In software development, quite often the problem you encounter has virtually nothing to do with the thing you’re trying to do.
I’m creating some views which will provide an interface to a database. The views will have Instead-of triggers so that all DML will be passed to my own (packaged) procedures.
I’ve got a particular view which is a join between a base table, filtered by some criteria, and a code/description mapping view. I’ve implemented instead-of-insert, update and delete triggers that do the appropriate DML on the base table.
Inserts and updates work fine, but when deleting from the view I’m getting “TM contention” wait events. When deleting across a database link the session gets “ORA-02049: timeout: distributed transaction waiting for lock” after a long delay. If the delete is issued within the same database as the view, the session waits indefinitely for the lock.
I had a look at the view and noticed that it is a key-preserved view, so I theorised that maybe the session was locking the row before running my instead-of-delete trigger that does the delete; the trigger tries to delete the row that has already been locked. Doesn’t make sense. When I remove the instead-of-delete trigger however, I get “ORA-01752: cannot delete from view without exactly one key-preserved table”. So I need the trigger to handle the delete.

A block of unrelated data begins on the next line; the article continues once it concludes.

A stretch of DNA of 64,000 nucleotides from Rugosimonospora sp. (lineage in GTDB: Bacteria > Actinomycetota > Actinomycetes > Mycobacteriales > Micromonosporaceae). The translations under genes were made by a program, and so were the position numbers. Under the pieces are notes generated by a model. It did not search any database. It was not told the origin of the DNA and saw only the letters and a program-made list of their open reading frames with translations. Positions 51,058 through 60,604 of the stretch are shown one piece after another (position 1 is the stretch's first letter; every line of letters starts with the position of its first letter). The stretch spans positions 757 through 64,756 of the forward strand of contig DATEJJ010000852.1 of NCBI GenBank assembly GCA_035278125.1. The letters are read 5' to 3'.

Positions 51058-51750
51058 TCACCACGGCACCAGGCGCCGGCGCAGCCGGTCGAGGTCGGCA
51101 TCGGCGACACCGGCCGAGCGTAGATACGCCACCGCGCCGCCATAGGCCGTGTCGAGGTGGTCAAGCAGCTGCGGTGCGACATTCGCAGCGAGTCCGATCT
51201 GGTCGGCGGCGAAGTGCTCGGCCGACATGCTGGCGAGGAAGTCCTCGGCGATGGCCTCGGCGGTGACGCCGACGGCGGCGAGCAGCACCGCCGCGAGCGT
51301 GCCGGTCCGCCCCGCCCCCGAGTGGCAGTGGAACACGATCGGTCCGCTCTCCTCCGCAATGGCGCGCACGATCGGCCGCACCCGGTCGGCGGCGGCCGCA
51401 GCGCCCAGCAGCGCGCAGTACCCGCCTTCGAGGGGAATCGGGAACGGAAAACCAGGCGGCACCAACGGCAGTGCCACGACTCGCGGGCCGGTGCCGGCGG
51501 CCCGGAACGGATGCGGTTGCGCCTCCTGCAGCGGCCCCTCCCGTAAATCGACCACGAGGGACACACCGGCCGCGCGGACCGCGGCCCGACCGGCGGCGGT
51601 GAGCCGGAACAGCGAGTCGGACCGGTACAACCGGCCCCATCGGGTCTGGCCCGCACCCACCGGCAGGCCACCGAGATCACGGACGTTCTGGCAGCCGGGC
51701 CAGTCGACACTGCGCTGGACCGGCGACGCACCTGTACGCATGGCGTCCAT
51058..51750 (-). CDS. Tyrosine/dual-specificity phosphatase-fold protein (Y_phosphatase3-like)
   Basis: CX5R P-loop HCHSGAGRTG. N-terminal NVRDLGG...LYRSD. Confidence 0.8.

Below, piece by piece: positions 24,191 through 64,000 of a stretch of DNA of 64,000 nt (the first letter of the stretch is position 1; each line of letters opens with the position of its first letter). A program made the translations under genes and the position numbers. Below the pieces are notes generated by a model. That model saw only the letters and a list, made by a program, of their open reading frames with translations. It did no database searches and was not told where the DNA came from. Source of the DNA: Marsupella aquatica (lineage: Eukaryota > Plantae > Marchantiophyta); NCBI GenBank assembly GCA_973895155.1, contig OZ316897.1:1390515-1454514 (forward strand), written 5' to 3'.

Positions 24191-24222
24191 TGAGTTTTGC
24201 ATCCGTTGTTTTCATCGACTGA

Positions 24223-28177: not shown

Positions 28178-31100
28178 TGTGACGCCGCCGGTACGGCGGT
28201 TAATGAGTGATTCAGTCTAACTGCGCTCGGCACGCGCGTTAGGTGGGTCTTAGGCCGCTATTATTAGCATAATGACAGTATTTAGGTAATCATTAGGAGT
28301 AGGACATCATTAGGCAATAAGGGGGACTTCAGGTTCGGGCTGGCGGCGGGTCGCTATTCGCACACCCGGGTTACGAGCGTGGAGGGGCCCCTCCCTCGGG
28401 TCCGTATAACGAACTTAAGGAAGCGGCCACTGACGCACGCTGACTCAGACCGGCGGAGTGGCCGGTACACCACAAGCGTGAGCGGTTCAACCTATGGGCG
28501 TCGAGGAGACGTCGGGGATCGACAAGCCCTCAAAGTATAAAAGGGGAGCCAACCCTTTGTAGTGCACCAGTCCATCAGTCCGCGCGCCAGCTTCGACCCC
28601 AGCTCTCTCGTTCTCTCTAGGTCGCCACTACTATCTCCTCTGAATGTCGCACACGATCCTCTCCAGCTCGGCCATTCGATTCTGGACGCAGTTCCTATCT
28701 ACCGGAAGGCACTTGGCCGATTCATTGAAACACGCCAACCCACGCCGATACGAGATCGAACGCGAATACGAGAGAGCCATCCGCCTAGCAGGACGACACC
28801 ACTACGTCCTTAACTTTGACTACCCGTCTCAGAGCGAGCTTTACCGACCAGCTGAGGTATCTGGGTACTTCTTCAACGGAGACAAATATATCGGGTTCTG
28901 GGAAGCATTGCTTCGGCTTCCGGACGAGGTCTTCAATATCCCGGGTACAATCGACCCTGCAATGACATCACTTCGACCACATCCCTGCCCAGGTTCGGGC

Looked up the Oracle doc “Instance Tuning Using Performance Views” about “TM enqueue”: “The most common reason for waits on TM locks tend to involve foreign key constraints where the constrained columns are not indexed. Index the foreign key columns to avoid this problem.” I saw this ref come up in a search early on but I initially dismissed it because my problem wasn’t related to performance. I’m glad I took a second look.
Righty-o. Looked at the table I was deleting from, and lo and behold there is another table with a fk to my table with no index on the fk column (mind you, there was an index that contained that column along with another column, obviously the database wasn’t going to use that to avoid the table lock).
When I created an index on the fk column, the problem was resolved. Brilliant!
The application never needed to delete from that table before, so this had never been encountered. In this case adding the index solved the problem. It’s on a very small, rarely-used table so the index won’t have a negative impact. Took about half an hour to work out, but I learned a bit more about Oracle, so that’s good.